Of the five devotionals listed here, this one wins the prize for Most Likely To Be Given as a Gift. Loving God, Loving Others: 52 Devotions to Create Connections That Last is a beautiful book that would make a lovely gift for a friend, mother, or sister. This multi-author volume is set up in a fascinating way: each of the six authors has written a particular section of the book, each exploring the different types of relationships we experience throughout our lives and sharing from her heart about her own path of growth within that particular type of relationship.

Authors Beth Davis, Megan Hjelmstad, Nell O’Leary, Bonnie Engstrom, Sarah Erickson, and Emily Stimpson Chapman offer three-page-per-week meditations, followed by a brief recommended Gospel reading and two questions for prayer and journaling. A brief discussion opens each section, and reflections are interspersed with simply illustrated pull quotes. The book is printed on lush, thick paper and includes illustrated end papers, a white ribbon bookmark, and a dedication page.

Loving God, Loving Others is not tied to the liturgical or calendar year, so you (or your friend) can begin praying with this book at any time.

 

Reflections on the Sunday Gospel by Pope Francis

Reflections on the Sunday Gospel: How to More Fully Live Out Your Relationship with God by Pope Francis (Image Books) is a compilation of homilies or talks given by the Pope at the Angelus prayers over the years and readings from the Church Fathers. Each weekly entry begins with an excerpt from that Sunday’s Gospel, but not the full Gospel, so you’ll want to have a Bible or missal nearby.

The homilies are brief, running about 3 pages each, with an additional page or so for the reading from the Church Fathers. The Introduction by Pope Francis is excellent, accessible catechesis about paying attention at Mass, teaching our children, and “encountering the Passion and Resurrection of the Lord”—and what the homily is there for in the first place.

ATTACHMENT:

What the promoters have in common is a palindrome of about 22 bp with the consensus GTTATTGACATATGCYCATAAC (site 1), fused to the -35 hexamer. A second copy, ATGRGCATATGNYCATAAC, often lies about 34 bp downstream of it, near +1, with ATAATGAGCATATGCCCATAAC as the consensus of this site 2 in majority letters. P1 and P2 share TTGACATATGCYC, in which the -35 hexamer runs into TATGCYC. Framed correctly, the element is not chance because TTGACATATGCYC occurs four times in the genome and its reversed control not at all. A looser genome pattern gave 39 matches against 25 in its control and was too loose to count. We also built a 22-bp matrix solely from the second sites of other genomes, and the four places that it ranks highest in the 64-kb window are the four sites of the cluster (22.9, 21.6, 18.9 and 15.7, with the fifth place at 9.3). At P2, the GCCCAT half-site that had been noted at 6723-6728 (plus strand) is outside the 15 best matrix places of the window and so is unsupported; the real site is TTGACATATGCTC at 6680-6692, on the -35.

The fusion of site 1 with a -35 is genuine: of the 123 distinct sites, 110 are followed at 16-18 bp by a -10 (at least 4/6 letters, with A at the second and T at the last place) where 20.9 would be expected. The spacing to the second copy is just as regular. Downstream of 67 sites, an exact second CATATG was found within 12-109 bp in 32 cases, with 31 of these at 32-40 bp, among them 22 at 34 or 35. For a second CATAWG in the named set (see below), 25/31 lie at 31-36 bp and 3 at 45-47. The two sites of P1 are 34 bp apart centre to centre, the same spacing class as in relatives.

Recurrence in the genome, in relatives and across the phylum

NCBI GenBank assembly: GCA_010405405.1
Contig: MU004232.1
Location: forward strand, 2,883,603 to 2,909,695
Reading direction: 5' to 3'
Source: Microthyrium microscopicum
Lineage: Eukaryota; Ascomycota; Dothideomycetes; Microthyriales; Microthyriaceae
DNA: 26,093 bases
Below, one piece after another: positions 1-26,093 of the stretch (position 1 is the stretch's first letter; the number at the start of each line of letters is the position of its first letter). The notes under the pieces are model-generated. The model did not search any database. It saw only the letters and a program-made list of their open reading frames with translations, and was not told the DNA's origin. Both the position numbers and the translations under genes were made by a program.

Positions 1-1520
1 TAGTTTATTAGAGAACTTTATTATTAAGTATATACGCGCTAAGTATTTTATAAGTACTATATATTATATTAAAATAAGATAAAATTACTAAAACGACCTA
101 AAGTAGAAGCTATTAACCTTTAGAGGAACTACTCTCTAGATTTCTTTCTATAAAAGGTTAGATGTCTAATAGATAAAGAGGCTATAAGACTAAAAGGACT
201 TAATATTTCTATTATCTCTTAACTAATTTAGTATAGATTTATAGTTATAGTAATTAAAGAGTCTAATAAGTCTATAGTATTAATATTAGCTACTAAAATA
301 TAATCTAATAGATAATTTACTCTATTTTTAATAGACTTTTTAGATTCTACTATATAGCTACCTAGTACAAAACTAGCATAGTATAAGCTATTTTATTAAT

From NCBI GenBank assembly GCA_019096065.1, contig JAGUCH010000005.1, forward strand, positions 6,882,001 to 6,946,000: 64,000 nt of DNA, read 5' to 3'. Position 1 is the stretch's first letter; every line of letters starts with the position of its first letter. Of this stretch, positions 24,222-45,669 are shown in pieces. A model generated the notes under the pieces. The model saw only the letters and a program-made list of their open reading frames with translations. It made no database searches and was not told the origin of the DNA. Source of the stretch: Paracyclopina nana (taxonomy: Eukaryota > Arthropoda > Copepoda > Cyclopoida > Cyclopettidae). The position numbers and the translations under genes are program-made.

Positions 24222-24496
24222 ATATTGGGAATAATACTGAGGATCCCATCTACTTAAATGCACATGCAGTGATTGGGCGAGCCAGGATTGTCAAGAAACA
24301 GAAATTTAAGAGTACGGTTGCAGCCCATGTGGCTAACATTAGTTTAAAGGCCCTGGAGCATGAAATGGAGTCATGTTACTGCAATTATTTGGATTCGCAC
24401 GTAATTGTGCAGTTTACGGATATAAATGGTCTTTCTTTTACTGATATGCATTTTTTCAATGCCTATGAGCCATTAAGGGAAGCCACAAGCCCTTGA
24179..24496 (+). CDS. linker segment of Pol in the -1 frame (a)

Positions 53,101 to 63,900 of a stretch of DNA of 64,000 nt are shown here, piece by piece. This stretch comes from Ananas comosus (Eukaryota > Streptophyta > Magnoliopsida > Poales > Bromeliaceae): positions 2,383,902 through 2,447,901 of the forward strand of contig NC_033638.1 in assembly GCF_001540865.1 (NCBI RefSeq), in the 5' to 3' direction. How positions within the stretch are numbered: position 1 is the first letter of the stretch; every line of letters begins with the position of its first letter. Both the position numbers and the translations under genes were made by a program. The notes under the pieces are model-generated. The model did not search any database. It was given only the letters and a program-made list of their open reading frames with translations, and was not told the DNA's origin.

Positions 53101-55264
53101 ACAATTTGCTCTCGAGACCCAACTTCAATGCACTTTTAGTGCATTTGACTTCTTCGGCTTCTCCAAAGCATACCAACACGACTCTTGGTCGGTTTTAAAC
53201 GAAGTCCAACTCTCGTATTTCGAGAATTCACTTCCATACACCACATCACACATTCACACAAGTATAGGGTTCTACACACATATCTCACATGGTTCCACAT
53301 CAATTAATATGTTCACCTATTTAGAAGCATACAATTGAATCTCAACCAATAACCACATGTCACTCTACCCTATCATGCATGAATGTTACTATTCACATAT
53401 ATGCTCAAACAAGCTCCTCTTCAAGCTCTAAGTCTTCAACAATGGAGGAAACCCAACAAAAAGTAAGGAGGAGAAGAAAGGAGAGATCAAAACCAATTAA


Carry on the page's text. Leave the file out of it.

Reflections on the Sunday Gospel is for the Cycle A readings only, though I had to go hunting to verify that information. The back of the book provides dates for each Sunday in the next 3 incidences of Cycle A (2023, 2026, 2029) and a table of sources for both the Pope’s and the Church Fathers’ selections.

 

What Matters Most and Why by Jim Manney

For anyone interested in Ignatian spirituality, Jim Manney’s What Matters Most and Why: Living the Spirituality of St. Ignatius of Loyola offers 365 daily reflections inspired by Ignatian wisdom. Each daily entry begins with a quote, mostly from Jesuits throughout history but from other sources as well, including Dorothy Day, Thomas Merton, the wisdom of Alcoholics Anonymous, and occasionally Scripture. Following that is a brief two-paragraph reflection on this quote.

Jesuit spirituality ultimately invites us to a way of living and leading characterized by heroism, self-awareness, love, and ingenuity. (Chris Lowrey in the Foreword)

The entries in What Matters Most and Why follow monthly themes, including Awareness, God, Love, Freedom, Work, Desire, Humility, Compassion and Trust, Choosing Well, Relationships, Practical Truths, and Becoming the Person You Are Meant to Be. This daily devotional is a good way to dip your toe into this powerful spiritual way of life.

 

 

A Year in the Word by Meg Hunter-Kilmer

If your goal is to read the Bible in a year but podcasts aren’t your thing, Meg Hunter-Kilmer has your answer with A Year in the Word Catholic Bible Journal from Our Sunday Visitor. You’ll need your Bible handy as you use this journal. A one-year reading plan is the first thing you’ll find as you open this book, with a checkbox next to each day’s reading, so if you miss a day (or more than a day) it’s easy to pick right up where you left off.